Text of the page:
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APL? I had a friend (who was involved in building the engine monitoring software for the Rutan Voyager) described APL as a "write-once" language.

I don't think coding for readability and coding for maintainability are that much different. In either case, the program has to be written for an audience, and the chances are the audience will be less skilled. This may mean eschewing perfectly valid Perl, such as multiple statements on one line, or leaving in syntactically meaningless white space, or (horror!) putting in use English;, or adding parentheses that are not strictly needed.

I tend not to be too fussy about indentation (as long as it's reasonably consistent: 2, 4, 3, whatever is fine). I tend to dislike the practice of splitting long lines before operators, e.g.
$x = $a +$b +$c;

with "operator" including both arithmetic and logical operators.

I tend to keep my copy of Kernighan & Plauger's The Elements of Programming Style near to hand. Despite the examples being mostly in PL/1 and FORTRAN-66 (pdf file), most of the basic concepts are still applicable.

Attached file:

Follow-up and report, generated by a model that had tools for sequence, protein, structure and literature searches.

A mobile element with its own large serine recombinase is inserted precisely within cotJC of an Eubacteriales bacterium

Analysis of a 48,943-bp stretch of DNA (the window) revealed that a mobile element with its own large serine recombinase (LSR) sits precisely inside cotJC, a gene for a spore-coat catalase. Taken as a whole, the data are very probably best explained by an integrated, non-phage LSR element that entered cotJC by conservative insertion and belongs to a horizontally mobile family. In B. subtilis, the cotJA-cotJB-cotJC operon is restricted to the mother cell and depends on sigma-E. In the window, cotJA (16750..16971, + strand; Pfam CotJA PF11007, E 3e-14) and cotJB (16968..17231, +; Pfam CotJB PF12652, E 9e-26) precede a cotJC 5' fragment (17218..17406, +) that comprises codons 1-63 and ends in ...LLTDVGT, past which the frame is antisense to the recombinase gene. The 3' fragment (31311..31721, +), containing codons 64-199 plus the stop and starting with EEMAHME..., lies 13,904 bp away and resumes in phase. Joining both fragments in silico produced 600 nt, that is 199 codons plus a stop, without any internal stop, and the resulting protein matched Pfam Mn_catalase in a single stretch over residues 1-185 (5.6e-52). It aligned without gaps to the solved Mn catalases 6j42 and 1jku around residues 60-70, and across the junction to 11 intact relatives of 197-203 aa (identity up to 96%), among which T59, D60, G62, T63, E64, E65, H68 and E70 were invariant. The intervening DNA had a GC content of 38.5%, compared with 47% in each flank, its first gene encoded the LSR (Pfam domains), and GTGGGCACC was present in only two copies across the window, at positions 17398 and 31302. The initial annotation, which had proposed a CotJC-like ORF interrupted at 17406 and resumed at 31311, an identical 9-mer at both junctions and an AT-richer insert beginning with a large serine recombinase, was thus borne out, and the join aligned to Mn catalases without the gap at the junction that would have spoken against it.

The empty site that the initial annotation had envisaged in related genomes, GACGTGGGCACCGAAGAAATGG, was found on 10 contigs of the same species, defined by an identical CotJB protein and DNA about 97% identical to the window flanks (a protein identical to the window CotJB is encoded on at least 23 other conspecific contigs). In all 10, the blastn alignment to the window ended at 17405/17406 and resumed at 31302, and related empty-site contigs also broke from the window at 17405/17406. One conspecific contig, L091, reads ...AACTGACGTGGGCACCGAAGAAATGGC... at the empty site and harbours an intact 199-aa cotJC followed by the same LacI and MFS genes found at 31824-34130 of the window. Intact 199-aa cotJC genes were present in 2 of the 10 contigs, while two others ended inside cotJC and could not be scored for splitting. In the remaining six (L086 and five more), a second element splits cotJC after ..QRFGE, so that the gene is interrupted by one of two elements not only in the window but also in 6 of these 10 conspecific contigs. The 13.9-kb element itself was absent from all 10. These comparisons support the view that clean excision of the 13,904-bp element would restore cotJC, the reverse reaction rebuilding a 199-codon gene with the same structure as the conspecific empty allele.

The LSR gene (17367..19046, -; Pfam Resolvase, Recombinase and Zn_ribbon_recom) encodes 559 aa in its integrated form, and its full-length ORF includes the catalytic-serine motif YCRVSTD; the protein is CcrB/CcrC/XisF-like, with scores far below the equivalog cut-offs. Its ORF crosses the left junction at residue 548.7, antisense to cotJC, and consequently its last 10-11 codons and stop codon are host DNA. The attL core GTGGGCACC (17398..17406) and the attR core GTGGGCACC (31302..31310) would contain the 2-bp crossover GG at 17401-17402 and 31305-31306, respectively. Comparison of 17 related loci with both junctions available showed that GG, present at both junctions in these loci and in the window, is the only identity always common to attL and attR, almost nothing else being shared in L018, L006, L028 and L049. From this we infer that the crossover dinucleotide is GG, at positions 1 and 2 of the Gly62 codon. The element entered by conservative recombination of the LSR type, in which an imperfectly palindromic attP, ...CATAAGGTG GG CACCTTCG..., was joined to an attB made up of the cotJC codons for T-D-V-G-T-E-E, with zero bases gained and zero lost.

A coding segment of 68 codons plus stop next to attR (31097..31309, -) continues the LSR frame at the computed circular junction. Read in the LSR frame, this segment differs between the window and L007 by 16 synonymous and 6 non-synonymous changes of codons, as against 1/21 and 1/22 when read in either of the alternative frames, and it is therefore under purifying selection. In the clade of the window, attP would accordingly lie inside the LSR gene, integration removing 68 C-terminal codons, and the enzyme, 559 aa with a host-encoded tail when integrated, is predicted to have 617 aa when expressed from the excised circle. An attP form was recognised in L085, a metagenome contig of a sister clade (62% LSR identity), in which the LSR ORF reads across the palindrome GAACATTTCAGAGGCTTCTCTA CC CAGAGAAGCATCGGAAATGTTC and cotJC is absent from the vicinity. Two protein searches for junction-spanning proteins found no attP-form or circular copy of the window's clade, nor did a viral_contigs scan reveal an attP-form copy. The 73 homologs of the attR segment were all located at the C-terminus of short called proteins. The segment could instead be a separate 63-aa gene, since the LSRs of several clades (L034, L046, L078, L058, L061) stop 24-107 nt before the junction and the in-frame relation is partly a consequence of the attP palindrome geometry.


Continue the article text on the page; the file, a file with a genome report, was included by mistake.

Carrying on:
Probably the most extreme version of "readable code" is Donald Knuth's Literate Programming. I've never tried it (has anybody here tried it?)

emc

At that time [1909] the chief engineer was almost always the chief test pilot as well. That had the fortunate result of eliminating poor engineering early in aviation.

—Igor Sikorsky, reported in AOPA Pilot magazine February 2003.

In reply to Re: What is code readability? by swampyankee
in thread What is code readability? by brian_d_foy

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